others. Most fancy stuff (pearls, neons, candy, etc...) require this.
Plain colors do not, but it will enhance the appearance (assuming
you've done a GREAT job thus far) and make the difference between
a good looking bike and a GREAT looking bike. If decal are being
replaced they can (* sometimes *) be put on before the clear
coats. This is very nice, because you can build it up to where
they are smooth to the touch.
You will have to experiment on spare tubes with spare decals to check.
Don't try w/o doing this as some decals will wrinkle melt or dissolve!!
9: Let dry for 72 hrs. Polyurethane cures by a chemical reaction so
baking is not neccesary. It only speeds up the reaction and does
not add to durability.
10: Put it back together and ride all around town so all of your friends
can say "WOW! is that a new Topolini??"
************************* SAFETY PRECAUTIONS ***************************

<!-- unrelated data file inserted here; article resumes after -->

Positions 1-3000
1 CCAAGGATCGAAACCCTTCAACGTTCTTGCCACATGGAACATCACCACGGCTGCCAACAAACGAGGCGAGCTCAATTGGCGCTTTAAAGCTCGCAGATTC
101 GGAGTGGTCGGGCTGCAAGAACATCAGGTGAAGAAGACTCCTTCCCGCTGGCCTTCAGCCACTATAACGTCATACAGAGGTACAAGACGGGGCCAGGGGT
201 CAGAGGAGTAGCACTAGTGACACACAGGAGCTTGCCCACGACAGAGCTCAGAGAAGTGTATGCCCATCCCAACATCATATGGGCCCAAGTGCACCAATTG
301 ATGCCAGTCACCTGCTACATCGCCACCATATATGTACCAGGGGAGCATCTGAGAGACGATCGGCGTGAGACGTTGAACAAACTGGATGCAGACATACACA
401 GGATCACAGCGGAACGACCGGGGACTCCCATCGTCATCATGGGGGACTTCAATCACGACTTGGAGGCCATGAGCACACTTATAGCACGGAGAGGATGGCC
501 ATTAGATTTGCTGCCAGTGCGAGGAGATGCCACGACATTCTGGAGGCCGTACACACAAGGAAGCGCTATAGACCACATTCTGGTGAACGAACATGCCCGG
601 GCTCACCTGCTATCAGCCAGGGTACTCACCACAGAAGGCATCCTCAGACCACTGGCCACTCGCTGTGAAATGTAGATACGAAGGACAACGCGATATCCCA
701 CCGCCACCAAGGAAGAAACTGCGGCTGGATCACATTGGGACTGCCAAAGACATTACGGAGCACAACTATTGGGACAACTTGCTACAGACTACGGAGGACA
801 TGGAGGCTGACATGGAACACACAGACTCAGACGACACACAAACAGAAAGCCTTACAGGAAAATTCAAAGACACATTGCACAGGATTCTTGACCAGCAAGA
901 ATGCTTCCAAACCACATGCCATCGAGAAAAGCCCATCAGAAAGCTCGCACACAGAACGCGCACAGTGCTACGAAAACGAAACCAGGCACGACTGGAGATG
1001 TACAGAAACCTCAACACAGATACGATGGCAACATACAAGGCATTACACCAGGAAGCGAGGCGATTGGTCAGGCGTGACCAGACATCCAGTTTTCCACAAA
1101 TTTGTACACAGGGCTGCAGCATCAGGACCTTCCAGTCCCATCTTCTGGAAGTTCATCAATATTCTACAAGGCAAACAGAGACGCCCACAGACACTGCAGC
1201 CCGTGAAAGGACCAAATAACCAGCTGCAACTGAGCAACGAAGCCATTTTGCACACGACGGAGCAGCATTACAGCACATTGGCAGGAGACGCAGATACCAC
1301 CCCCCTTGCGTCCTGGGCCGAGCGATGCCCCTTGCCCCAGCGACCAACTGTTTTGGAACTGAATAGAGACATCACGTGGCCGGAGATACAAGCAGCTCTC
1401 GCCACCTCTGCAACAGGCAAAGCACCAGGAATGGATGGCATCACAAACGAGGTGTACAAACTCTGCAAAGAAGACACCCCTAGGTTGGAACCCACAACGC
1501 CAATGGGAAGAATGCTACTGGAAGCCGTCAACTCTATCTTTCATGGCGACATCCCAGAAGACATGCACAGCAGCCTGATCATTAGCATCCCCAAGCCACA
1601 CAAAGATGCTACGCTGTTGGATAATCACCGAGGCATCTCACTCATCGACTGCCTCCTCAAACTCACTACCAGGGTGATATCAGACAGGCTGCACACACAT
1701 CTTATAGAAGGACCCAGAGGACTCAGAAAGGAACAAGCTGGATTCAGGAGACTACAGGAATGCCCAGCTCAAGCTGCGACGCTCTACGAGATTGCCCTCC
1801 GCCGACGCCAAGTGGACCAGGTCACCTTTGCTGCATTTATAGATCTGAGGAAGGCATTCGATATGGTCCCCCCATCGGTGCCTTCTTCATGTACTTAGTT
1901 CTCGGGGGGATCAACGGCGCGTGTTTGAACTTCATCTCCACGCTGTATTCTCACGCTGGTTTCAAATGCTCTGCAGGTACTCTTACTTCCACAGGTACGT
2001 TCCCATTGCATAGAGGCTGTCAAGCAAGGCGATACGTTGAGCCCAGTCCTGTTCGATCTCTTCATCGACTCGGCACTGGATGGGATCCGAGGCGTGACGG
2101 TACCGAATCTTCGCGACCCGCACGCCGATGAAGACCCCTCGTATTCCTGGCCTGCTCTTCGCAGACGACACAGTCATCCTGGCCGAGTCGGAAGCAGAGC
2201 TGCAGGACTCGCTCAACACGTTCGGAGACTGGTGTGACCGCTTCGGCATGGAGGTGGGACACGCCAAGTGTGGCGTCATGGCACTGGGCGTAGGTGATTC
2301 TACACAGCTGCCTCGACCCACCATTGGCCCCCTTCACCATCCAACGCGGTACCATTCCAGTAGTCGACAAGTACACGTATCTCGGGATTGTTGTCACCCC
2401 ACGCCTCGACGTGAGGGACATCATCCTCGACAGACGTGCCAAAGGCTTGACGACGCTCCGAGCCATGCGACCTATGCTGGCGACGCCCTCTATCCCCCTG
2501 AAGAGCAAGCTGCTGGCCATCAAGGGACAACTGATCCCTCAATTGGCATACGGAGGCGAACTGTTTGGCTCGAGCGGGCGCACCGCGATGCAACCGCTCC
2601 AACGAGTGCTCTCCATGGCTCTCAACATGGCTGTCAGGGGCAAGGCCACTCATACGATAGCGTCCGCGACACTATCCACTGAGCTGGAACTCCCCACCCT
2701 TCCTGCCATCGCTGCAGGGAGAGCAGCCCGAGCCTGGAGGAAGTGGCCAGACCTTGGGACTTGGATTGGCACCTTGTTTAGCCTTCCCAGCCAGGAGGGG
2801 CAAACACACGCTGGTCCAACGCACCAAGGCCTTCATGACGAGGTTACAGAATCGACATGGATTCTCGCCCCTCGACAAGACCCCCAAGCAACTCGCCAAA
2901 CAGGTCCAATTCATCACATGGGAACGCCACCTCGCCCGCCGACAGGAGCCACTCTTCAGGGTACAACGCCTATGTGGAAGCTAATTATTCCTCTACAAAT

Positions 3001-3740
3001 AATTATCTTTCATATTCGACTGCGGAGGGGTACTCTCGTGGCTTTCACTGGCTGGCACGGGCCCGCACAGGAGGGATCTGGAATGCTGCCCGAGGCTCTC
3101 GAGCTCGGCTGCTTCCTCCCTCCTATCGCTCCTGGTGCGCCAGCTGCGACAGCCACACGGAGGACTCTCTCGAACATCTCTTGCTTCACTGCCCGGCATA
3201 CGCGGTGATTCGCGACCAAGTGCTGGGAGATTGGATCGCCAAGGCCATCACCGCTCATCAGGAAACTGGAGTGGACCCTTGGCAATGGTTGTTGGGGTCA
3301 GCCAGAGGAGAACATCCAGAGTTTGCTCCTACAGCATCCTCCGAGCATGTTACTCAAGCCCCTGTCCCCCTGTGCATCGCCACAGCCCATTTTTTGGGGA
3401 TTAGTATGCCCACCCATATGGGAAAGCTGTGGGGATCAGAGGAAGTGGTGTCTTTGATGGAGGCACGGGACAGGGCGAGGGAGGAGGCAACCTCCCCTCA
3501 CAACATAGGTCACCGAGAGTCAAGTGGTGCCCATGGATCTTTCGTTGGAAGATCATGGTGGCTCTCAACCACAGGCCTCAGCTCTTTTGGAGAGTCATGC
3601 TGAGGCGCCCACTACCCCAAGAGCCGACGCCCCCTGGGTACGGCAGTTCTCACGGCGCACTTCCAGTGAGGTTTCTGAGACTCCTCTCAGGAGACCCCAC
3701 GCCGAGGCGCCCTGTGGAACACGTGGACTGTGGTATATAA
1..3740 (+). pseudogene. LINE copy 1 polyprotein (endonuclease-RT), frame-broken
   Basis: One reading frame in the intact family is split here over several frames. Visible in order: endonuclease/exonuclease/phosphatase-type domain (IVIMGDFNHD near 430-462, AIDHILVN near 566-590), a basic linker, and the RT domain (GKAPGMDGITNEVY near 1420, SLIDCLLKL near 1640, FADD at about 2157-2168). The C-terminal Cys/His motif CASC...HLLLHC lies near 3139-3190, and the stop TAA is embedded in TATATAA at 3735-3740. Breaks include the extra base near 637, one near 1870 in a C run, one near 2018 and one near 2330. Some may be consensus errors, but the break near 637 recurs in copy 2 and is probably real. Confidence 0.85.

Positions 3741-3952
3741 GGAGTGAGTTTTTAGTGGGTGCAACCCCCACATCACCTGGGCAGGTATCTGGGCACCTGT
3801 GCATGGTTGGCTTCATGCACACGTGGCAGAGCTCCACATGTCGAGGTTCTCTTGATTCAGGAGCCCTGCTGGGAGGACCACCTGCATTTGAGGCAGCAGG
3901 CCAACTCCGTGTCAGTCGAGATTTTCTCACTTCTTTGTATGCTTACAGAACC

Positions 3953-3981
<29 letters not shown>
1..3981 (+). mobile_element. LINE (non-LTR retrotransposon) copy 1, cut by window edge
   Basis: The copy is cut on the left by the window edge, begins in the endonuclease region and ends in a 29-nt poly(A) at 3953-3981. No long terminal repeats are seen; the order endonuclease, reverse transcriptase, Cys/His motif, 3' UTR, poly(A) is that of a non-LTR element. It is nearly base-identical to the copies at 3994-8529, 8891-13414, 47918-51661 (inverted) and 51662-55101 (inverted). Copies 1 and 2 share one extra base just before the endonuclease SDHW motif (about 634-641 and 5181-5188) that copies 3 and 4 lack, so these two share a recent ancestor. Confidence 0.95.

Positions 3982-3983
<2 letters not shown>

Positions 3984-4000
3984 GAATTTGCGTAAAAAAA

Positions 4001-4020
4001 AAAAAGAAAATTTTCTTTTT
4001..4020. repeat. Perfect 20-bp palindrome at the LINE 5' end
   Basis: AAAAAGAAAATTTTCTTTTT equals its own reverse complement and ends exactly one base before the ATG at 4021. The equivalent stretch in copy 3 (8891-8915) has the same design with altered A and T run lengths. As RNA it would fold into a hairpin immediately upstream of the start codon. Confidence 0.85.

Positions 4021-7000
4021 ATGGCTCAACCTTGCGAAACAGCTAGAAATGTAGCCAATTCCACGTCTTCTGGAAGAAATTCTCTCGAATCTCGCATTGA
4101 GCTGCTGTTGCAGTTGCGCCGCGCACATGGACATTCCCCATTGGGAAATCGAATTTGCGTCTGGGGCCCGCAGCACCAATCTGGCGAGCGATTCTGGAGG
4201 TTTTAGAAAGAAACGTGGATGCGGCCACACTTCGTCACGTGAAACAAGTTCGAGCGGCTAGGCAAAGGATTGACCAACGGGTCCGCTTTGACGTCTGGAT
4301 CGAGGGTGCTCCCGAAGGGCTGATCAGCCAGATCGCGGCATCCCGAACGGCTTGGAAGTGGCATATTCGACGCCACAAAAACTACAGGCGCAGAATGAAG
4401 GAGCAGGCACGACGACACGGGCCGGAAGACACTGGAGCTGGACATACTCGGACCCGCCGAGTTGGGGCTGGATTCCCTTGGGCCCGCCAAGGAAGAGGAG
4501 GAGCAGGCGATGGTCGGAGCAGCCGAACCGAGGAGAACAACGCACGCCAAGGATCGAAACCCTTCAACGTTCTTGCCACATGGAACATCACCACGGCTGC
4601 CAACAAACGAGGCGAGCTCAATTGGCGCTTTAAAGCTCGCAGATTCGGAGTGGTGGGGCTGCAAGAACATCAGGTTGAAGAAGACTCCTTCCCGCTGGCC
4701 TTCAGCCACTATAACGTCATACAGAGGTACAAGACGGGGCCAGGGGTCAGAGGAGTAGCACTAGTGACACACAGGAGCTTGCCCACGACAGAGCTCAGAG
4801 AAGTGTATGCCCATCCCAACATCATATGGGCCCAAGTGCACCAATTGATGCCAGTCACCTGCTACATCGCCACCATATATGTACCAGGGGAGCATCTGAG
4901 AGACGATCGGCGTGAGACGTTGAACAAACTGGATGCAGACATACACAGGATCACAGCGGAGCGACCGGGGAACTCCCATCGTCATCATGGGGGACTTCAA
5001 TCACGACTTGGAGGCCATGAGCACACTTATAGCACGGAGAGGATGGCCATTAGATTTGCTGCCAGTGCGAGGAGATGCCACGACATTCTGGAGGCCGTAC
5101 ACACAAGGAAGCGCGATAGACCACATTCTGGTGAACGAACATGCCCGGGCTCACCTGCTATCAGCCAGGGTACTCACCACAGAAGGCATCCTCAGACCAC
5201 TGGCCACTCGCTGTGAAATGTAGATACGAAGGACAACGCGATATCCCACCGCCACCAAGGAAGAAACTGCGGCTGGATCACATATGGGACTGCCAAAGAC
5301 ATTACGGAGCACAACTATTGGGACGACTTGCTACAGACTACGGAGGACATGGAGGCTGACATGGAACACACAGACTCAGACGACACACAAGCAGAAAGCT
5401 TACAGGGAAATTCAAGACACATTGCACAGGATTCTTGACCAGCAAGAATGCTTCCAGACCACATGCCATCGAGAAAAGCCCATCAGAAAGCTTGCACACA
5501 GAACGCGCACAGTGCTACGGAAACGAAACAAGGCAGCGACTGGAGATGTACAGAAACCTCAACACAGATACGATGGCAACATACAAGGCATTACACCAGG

ALL material used for painting are poisonous and hazardous. ALWAYS wear
a respirator (NOT a dust mask) with an organic vapors catridge. NIOSH
approved. A forced air system is a must for painting cars but A touch-up
gun does not create as much overspray, o a respirator is PROBABLY OK.
Wear your respirator at all times while stripping, prepping, mixing and
painting. When you are done painting, don't remove your mask and gawk
at the lovely job you have done. Come bak later. The solvents are
evaporating and the air is very toxic right now!!
TRY VERY hard to find someone to let you paint in their booth. This is
best for the enviroment :-) and will also keep away dust and float stuff.
Follow all of the instructions on the cans. Waiting times for second coats
and topcoats ARE important for a quality finish.
Follow all of the rest of the safety precautions on the cans and in the
FREE literature the friendly(?) gentlemen at the auto-parts store will
give you. They will also help you select the right clear coats etc...
that you need to do the job right.
If you *don't* follow the instructions and die, don't send me e-mail
complaining or flaming... (Ladies and Gentlemen, these are trained
professionals, don't attempt this at home!!! (Unless you've really
got a good idea you can handle it SAFELY.)